“Pain Don’t Hurt.”

When Patrick Swayze’s Dalton shows up at the hospital with a gaping knife wound in his side (in a spot similar to where Christ was speared by the Roman soldier. HMMMM…), Kelly Lynch’s Doctor Clay prepares to stitch him up. She asks if he would like a local anesthetic and he turns it down.

“You like pain?” she asks him.

“Pain don’t hurt,” he replies.

At first blush this sounds like lunkheaded macho bullshit, like a lot of what you find in the movie Road House in general, but it’s actually profound. And it’s deeply wise. It’s just some of the wisdom that Dalton displays (“Nobody ever wins a fight,” said in the same scene, is pretty great as well, if undercut by the whole entire motion picture).

The line recalls one of the great lines in Lawrence of Arabia. Peter O’Toole’s Lawrence, still in his English clothes, lights a cigarette for another officer. After he lights the cigarette he looks at the match, and lets it burn down, gazing into the flame. Finally he reaches out and snuffs it with his fingers. The other officers are startled, and one of them tries to recreate the trick.

“Ooh!” he cries out, shaking his burnt fingers. “It damn well hurts.”

“Certainly it hurts,” Lawrence says softly.

“Well, what’s the trick then?” the officer demands.

“The trick, William Potter,” Lawrence says. “Is not minding that it hurts.”

Dalton and TE Lawrence are saying the same thing, one perhaps more eloquently than the other. What they’re talking about is our relationship with pain, which will always be there, and how we can choose to not turn that into suffering, which doesn’t have to always be there.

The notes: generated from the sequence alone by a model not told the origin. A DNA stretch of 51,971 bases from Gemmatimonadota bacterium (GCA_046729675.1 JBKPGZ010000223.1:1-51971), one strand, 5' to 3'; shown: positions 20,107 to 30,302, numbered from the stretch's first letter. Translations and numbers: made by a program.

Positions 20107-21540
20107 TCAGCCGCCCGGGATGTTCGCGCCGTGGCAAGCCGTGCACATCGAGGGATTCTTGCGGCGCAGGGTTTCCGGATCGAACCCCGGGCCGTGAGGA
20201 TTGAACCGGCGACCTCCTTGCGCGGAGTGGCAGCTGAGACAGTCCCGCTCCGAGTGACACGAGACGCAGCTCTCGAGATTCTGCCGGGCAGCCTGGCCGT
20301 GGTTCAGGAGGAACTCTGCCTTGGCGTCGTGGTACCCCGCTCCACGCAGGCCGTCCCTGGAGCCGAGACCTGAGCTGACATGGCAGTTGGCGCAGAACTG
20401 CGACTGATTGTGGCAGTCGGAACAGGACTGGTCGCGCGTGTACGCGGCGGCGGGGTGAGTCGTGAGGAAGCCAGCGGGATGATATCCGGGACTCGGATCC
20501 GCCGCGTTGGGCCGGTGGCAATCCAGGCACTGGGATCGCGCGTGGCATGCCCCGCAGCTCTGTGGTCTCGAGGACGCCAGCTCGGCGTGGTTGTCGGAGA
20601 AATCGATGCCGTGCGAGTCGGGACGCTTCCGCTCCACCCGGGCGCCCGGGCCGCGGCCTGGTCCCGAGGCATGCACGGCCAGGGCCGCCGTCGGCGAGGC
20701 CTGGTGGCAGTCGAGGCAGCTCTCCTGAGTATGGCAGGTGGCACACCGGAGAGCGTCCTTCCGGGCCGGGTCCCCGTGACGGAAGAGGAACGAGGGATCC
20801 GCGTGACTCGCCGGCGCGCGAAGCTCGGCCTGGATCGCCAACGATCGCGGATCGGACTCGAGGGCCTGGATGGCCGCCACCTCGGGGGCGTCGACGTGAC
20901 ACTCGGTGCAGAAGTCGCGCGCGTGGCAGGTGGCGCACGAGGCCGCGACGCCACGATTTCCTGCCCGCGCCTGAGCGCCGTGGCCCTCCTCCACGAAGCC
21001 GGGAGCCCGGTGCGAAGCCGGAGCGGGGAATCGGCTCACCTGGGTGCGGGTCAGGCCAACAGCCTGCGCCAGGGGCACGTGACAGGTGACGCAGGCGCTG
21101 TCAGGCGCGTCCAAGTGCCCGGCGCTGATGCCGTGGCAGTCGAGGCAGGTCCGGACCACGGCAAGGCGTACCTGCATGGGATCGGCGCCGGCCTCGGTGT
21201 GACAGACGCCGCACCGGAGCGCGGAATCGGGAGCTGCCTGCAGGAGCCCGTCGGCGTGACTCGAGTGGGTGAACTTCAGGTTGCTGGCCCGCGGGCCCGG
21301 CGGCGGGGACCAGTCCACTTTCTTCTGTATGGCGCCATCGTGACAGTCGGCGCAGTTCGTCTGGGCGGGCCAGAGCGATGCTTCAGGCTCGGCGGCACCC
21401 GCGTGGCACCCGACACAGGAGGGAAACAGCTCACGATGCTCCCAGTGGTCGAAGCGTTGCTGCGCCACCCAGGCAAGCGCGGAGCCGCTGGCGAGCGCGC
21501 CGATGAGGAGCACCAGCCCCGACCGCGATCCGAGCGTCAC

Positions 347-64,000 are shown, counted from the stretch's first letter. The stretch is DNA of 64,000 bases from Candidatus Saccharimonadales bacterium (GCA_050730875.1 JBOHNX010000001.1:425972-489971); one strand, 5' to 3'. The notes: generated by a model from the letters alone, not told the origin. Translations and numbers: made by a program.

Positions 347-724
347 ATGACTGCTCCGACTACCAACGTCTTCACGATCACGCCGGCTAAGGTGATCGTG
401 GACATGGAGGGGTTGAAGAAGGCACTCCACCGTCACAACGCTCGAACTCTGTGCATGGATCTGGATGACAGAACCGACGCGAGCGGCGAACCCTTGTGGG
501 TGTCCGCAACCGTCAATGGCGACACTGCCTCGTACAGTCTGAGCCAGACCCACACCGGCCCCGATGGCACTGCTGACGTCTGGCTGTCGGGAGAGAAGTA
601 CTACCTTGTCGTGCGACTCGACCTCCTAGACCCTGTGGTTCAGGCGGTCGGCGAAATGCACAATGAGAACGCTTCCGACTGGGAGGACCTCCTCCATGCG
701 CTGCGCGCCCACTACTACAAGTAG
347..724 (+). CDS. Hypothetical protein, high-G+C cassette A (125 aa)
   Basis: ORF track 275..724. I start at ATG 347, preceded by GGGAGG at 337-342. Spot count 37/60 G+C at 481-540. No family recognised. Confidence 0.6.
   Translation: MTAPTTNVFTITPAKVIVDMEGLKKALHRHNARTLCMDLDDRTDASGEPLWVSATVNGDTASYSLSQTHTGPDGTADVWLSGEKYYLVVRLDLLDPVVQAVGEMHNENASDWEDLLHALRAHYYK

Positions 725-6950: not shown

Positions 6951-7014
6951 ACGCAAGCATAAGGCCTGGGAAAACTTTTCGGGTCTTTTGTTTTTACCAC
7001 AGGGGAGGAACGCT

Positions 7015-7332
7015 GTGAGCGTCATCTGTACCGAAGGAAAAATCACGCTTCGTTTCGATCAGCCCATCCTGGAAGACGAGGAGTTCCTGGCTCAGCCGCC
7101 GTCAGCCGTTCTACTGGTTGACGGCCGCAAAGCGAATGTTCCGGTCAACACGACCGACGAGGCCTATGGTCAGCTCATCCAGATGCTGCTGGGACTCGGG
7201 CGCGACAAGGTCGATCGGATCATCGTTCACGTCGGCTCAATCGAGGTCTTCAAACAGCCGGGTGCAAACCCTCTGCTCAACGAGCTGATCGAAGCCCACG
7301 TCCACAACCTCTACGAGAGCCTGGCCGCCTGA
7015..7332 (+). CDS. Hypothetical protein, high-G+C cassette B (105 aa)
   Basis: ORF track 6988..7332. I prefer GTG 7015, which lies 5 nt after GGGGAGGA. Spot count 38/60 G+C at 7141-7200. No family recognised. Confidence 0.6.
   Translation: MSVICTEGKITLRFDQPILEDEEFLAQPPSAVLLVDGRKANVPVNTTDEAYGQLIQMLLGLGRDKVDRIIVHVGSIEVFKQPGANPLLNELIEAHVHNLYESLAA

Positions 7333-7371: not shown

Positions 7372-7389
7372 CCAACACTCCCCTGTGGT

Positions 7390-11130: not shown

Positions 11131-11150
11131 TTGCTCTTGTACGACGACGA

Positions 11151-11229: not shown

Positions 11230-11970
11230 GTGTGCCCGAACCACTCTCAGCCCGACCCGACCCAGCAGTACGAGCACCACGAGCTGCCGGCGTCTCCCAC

There will always be pain, as it’s a natural and important part of life. You need to feel pain so that you don’t do tremendous injury to yourself, or if you have done tremendous injury to yourself you need to feel pain so that you don’t make it worse. And as a middle-aged man let me tell you that not only is pain natural, it’s eventually almost omnipresent – I’m hitting the age where I wake up in the morning and wonder if that ache I feel is just for the moment, or if it’s my new normal.

But we live our lives as if pain is something that can – or should – be avoided. Our relationship with pain is very bad, and we are afraid of it and we do whatever we can to get away from it. And it’s not just physical pain; in the 21st century we likely endure far less physical pain than our ancestors did, but we likely endure more emotional and mental pain, and we spend LOTS of energy in avoiding that.